Where in the World Is the Global Village?
This book shows that while globalization is a dominant force in society, and though news can be instantaneously broadcast internationally, there is relatively little commonality throughout the world in the depiction of events occurring in other countries. Thus, contrary to McLuhan’s famous but untested notion of the «global village», television news in the countries discussed in this book actually presents more variability than similarity.
The research gathered here is based on a quantitative content analysis of over 17,000 news items and analysis of over 10,000 survey respondents. Seventeen countries are included in this research, offering a rich comparative perspective on the topic.
15 Overall Conclusions for Individual Countries All Project Participants
ALL PROJECT PARTICIPANTS
In the following pages we present brief summaries of our findings for the 17 countries. As described in the preceding chapters, all the countries participated in the content analysis. Thirteen countries conducted surveys, though in-depth interviews with foreign news gatekeepers were done in only 12 of the countries. Each of the summaries, which are listed alphabetically by country, presents a brief description of the television broadcasting system in the respective country and the main domestic news items that were aired during the sample period of the content analysis. This is followed by highlights, selected by the country teams, of the findings of the content analysis. Finally, the summaries of the countries that also conducted the survey contain some of the highlights. The summaries do not include information obtained in the course of the in-depth interviews with the gatekeepers. Because of space constraints, no references or sources are provided in this chapter.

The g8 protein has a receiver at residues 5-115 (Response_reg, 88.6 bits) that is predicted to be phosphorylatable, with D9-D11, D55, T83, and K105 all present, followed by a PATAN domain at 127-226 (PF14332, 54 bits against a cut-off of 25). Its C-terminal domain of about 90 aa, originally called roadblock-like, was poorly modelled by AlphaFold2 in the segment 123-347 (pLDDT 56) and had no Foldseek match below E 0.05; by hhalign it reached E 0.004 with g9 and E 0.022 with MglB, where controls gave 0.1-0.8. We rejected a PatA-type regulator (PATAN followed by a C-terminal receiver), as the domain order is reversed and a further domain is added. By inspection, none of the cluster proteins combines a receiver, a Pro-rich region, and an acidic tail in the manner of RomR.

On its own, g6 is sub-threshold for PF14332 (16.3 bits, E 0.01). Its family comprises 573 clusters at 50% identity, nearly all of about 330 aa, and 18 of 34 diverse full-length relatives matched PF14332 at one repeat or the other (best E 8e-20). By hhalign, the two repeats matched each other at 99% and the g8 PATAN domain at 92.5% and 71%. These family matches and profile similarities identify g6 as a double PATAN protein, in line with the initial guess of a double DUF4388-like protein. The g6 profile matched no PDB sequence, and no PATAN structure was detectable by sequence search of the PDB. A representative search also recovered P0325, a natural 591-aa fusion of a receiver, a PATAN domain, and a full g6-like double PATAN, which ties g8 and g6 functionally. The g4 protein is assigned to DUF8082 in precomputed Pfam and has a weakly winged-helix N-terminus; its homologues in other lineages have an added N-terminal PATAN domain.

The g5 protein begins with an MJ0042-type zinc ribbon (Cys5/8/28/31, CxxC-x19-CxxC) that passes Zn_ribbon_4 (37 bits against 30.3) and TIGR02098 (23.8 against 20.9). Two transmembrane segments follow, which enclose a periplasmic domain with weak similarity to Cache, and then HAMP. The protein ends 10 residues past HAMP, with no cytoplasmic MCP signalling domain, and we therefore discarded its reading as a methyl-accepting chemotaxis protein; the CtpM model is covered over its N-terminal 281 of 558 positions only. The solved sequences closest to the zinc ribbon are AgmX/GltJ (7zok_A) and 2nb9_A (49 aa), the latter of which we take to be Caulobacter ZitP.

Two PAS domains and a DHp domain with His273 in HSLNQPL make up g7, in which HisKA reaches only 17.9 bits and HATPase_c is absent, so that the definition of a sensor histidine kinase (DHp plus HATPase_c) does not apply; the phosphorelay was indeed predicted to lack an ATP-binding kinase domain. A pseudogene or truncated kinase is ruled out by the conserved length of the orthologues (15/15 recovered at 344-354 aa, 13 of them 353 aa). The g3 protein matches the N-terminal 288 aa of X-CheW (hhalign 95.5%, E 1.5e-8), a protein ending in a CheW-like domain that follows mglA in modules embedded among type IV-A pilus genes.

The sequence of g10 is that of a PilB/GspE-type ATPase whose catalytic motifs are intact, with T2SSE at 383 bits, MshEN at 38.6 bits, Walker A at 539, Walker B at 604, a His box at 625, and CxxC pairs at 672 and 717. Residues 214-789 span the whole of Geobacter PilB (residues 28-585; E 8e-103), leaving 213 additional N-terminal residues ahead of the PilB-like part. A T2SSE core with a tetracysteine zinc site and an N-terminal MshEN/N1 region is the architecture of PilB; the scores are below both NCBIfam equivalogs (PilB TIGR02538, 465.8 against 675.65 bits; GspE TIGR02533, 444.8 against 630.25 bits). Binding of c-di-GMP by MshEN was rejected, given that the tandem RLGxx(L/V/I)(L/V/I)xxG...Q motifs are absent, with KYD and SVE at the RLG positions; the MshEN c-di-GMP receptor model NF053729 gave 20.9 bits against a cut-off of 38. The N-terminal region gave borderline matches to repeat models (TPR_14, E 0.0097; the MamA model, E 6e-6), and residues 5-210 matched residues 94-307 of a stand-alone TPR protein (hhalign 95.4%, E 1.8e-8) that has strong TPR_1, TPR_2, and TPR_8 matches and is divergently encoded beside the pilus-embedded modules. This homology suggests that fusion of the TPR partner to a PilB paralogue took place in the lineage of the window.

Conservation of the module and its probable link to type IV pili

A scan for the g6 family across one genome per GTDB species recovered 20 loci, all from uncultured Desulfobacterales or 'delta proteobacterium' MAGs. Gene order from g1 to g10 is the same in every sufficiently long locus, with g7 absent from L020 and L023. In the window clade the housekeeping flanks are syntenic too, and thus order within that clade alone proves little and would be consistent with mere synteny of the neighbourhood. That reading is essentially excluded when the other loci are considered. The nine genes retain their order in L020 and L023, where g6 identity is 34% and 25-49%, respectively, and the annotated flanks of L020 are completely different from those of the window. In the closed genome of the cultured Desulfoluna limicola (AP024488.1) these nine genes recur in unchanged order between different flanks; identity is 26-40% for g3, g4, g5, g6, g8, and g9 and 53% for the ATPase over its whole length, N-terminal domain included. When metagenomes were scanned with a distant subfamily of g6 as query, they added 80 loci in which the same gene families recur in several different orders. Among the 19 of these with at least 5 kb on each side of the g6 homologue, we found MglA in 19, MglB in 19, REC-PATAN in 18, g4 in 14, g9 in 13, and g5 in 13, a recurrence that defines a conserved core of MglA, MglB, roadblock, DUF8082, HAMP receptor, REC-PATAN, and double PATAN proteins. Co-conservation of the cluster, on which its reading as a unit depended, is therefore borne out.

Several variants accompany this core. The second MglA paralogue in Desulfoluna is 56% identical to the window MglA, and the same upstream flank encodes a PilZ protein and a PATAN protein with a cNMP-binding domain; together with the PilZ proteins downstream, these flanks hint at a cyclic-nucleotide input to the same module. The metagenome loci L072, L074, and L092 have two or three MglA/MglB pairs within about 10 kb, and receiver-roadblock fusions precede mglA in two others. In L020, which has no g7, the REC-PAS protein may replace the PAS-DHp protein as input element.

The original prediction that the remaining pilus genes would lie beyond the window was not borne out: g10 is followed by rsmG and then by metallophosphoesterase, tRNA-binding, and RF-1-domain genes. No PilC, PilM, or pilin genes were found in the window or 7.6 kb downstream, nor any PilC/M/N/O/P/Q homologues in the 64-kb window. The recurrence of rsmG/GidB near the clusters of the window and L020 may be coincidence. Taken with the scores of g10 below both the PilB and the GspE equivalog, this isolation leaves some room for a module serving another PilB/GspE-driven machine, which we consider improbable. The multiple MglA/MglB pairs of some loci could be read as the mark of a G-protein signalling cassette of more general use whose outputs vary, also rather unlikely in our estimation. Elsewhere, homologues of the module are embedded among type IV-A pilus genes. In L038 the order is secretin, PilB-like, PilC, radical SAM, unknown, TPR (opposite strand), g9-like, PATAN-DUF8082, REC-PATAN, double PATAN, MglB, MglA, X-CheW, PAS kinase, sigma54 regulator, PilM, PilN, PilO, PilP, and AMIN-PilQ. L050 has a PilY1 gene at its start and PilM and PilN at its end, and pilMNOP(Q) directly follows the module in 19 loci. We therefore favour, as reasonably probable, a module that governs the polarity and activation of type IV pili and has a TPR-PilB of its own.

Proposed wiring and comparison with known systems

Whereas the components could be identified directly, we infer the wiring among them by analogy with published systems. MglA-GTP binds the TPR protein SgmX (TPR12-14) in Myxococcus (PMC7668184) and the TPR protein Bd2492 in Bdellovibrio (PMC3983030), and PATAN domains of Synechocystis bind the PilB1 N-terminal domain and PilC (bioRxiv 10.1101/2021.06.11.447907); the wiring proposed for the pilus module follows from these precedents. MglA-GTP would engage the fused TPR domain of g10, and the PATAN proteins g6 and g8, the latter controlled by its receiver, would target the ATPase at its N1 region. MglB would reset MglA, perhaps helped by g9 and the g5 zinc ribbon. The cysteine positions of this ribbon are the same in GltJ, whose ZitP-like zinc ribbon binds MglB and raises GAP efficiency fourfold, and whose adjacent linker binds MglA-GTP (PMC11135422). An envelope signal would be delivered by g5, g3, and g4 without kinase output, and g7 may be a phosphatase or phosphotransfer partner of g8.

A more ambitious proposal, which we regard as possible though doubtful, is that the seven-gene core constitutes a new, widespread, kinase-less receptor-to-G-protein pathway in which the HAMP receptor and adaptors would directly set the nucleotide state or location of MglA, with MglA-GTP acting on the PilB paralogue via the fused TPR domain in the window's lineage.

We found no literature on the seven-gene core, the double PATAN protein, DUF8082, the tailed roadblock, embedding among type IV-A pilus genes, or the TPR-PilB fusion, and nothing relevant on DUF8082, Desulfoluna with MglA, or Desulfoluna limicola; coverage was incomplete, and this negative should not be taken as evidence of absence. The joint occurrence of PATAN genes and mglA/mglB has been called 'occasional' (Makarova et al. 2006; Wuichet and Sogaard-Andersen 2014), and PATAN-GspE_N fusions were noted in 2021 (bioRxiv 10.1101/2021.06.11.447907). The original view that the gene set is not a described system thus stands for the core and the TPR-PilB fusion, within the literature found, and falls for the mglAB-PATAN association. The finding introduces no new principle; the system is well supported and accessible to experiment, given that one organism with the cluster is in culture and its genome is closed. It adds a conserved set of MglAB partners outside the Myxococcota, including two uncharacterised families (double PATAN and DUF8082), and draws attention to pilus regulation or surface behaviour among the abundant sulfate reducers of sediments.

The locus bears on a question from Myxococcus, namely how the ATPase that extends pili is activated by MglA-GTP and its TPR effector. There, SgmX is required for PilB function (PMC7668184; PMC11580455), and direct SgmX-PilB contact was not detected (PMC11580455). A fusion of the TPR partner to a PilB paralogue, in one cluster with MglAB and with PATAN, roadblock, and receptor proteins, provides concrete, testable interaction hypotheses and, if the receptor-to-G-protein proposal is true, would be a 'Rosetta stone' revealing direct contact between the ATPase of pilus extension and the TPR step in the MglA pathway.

In this study Belgium refers to Flanders, the largest (northern, Dutch-speaking) community in the country. The majority of the Belgian population lives in Flanders, which has a very distinct media system due to linguistic and cultural differences from the southern, French-speaking community. Thus it would be misleading to treat Belgium as a single country from a media perspective. ← 293 | 294 →
You are not authenticated to view the full text of this chapter or article.
This site requires a subscription or purchase to access the full text of books or journals.
Do you have any questions? Contact us.Or login to access all content.